At 13:56 1996-8-9 -0700, Kai-hsu Tai wrote:
>All the stamps I have says "Prathet Thai". These stamps are all
>relatively new (one of them is even the Centennial Olympic Games
>Having learned Thai for only 3 weeks I can't really tell what difference
>there is between Muang and Prathet (I don't know both ... I am
>Taiwanese, not Thai). But I watch a lot of Thai television and in my
>impression I heard a lot of the expression "Prathet Thai".
>My guess is, as long as there is no coup d'eThai [:)], you are OK
>diplomatically writing "Prathet Thai". But I guess it might also be
>better to write a correct, however Anglocentric, sign with English:
>"Thailand" on it, just in case anything went wrong.
>God bless you.
Thanks. English alone would not be diplomatically correct in Quibec (:
Then I will use the sign I already have (unless I get new facts) which says:
"Prathet Thao" (in Thai script)
... if you say that 1996 stamps still say that, it was that in 1980 also and
there was a military coup d'itat in 1991.
Feichang ganxie nin.
Alain LaBonti (Sh`n A Lan [some Chinese experts renamed me "A ning", saying it
reflects more my personality and it is less feminine (-: ])
cc Michael Everson, CA-I18N, UNICODE, I10646
Lori Brownell says:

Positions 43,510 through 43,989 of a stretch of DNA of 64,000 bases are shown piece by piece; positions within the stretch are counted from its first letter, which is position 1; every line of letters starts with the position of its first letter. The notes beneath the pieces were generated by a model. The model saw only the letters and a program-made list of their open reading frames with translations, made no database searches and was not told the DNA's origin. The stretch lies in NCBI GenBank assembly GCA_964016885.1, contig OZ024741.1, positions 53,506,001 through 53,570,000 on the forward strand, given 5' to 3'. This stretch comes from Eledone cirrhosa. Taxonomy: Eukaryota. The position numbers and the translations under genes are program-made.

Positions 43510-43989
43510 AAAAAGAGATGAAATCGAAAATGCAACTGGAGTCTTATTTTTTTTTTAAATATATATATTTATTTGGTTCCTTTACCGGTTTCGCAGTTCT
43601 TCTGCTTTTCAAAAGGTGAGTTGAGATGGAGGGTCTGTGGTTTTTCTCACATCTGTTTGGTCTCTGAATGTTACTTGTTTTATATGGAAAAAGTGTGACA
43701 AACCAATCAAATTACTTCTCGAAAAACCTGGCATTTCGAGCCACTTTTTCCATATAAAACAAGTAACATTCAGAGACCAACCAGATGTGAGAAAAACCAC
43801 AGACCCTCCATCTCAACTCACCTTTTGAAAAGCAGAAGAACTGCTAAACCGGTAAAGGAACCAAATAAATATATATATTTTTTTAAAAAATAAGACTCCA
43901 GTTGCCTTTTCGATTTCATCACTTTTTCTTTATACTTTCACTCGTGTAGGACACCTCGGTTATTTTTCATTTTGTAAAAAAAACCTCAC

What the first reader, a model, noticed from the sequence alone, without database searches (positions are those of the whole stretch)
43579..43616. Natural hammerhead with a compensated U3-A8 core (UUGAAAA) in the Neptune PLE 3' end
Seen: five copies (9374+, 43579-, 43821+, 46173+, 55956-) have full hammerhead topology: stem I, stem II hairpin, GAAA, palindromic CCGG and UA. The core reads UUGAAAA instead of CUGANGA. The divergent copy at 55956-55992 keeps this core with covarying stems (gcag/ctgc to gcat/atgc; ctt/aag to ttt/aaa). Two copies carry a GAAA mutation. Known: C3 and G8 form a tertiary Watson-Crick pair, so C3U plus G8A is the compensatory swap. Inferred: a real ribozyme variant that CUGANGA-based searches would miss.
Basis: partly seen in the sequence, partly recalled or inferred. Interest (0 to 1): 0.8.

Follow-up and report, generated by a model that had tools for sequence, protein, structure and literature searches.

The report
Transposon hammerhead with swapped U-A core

>I show the native name of the country of Thailand as:
>Hope this helps.
>>Sent: Friday, August 09, 1996 2:00:02 PM
>>Subject: The name of Thailand
>>Auto forwarded by a Rule
>>I need to know how to spell Muang Thai (the name of Thailand) in Thai
>>script in UCS characters really soon. This isn't just an irrelevant query
>>-- Alain LaBonte is looking for a gif for the Thai delegate's name plate
>>for the SC2/WG2 meeting next week. I've got the glyphs.... Just need the
>>UCS characters in the right order!
>>Many thanks to you if you can help us!
The id that I use shows the following UCS characters:
01EB 0E23 0E30 0E40 0E17 0E14 0020 0E44 0E17 0E22 (Prathet Thao)
(the 3 last characters are those that Lori Brownell uses, I presume it means
"Thao" alone, and in this case what precedes is for "prathet").
I conclude that what I had induced this afternoon, that Thai might be
sufficient, was perhaps right, but with the information I have now I feel
more secure with Prathet Thai. Reasonably, unless I miss something, this is
OK althought I don't know the difference between "Prathet" and "Muang".
All my problems are solved now... It will be a premihre in an ISO Plenary I
believe: now that the scoop is no longer a scoop thanks to Michael (-; who
helped me a lot, the country name of countries will be written in two of the
three official languages of ISO plus in the official language(s) of each the
24 participating countries of the JTC1/SC2 Plenary, held in Quibec alongside
with its 2 working groups, in the next 2 weeks.
Thanks a lot to everyone of those who helped or tried their best to help, in
particular Frangois Yergeau (ALIS Technologies), Ji`n Yang (Office de la
langue frangaise du Quibec), Minh Vo (Gouvernement du Quibec), Michael
Everson (Everson Gunn Teoranta), and all the personnel of the Direction des
Communications du Secritariat du Conseil du trisor du Quibec. That said, the
Internet is a wonderful tool.
Pour les francophones : c'itait un problhme de taille (-;
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